A&E

Stranger Things Delivers Tenfold

By MAYA SANCHEZ

Netflix has been hitting it big. This year alone has brought an onslaught of new material: Fuller House, House of Cards, Daredevil, Unbreakable Kimmy Schmidt, Grace and Frankie, Voltron: Legendary Defenders, Orange is the New Black, The Get Down, just to name a few. But the standout show, hands down, is “Stranger Things”. A quick google search will show how this one show has quickly taken over the media. 

Created by the Duffer Brothers, whose works include the drama-horror film “Hidden” (2015) and four episodes of the show Wayward Pines (2015), Stranger Things is supernatural thriller set in 1983 that follows the story of a missing boy and the oddities surrounding his disappearance. To stay Stranger Things grabs your attention would be misleading. “Stranger Things” does not solely get your attention, it demands it. 

The key to any interesting story is its character, and “Stranger Things” delivers tenfold. The majority of the cast is kids, which isn’t something that is seen very often in the horror genre. Millie Bobby Brown takes the show with her portrayal Eleven, a psychokinetic girl that has lived her whole life in a laboratory. While having a lot of screen time but little dialogue, the audience learns about Eleven through her actions and inactions. It is amazing how such a young actor can have such an outstanding performance. But while the child actors are phenomenal, they are backed by an even more complex cast of adult characters. Winona Ryder plays Joyce Byers, the single mother to the kid that goes missing. Overcome with grief and guilt, she turns to insanity. Or what might seem like insanity if the rest of the town wasn’t experiencing such strange things.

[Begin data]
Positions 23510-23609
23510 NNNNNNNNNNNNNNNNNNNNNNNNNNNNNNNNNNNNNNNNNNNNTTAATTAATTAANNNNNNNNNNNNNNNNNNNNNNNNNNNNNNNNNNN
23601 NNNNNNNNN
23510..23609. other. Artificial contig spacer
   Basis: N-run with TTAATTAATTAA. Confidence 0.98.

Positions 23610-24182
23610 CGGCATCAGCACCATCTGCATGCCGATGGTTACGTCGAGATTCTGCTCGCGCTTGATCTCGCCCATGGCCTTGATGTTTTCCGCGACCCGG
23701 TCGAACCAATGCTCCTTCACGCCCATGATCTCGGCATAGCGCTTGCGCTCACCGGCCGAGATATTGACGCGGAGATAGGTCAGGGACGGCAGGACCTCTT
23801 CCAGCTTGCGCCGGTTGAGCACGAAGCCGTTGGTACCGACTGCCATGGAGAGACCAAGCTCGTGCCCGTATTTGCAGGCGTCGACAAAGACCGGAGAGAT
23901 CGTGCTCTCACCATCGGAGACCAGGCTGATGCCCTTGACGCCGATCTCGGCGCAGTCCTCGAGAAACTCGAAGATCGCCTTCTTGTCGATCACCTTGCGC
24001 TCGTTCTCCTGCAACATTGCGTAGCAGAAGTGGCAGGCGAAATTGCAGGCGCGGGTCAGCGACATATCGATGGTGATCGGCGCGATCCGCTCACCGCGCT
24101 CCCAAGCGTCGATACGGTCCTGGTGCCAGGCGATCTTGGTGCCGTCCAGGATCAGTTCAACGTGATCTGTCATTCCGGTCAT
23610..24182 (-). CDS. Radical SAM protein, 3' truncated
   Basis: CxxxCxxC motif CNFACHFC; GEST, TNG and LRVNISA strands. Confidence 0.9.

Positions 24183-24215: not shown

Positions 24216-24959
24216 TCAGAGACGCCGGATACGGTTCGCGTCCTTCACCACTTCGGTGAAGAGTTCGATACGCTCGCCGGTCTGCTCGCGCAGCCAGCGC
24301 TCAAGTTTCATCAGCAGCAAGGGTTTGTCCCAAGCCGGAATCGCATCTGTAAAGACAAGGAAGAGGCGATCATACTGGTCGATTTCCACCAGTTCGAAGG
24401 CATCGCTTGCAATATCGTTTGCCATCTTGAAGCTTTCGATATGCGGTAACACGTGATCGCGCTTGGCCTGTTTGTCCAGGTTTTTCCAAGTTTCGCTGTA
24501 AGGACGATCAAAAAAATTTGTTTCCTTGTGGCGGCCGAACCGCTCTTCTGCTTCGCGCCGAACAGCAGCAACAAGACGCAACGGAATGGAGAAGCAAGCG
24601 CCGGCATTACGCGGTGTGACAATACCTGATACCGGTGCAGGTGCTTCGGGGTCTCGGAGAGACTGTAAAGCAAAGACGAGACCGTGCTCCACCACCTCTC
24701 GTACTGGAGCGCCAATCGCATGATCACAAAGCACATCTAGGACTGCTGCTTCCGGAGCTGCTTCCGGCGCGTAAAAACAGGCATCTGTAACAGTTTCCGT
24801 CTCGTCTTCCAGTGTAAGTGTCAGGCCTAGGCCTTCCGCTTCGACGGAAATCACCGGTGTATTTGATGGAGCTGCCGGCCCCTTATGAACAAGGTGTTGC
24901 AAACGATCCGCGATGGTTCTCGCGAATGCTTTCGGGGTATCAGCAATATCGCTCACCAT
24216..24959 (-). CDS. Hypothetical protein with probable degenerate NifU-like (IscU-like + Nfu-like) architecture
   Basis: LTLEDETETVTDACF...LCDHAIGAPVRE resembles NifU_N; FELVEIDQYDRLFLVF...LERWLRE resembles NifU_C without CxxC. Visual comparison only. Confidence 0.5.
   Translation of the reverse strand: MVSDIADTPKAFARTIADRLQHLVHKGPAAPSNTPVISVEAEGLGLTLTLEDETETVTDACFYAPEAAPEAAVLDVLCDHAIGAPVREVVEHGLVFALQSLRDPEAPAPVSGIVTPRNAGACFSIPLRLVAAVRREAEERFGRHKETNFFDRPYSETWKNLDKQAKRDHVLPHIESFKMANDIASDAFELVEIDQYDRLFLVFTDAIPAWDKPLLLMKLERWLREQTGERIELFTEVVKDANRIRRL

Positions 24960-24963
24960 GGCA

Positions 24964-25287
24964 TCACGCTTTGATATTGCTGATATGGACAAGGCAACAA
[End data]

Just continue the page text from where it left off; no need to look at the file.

Stranger Things carefully weaves its story through its cinematography and score, always keeping the audience on their toes. The first two episodes emphasize the thriller part of its genre, building themes through the coloring and camera angles alone. Inspired by cult-classic leaders such as Stephen King and Steven Spielberg, the Duffer Brothers have put themselves on the map.

But the wonderfulness of Stranger Things doesn’t stop there. The story itself is complex without being complicated, paced without being rushed, captivating without being too unorthodox. Stranger Things stands out because of the quality and because of the love that has obviously been poured into it.

It is unique because of its blend of themes. On one hand you have the story of missing boy and sketchy government officials that are hiding something that should not exist. But on the other hand you have a story of brokenness and how cracks can appear in everything, even in the ones you love. What makes Stranger Things so strange is that it is not just one thing. It does not only explore one aspect of the classic horror genre. It takes that genre and opens it up for an entire new storm of ideas.

In a world that has the media always pushing for something new, the Duffer Brothers delivered. They brought forth Stranger Things, an ode to nostalgia and a breath of modernness.
The second season of Stranger Things is slated to release in 2017.  

Categories: A&E

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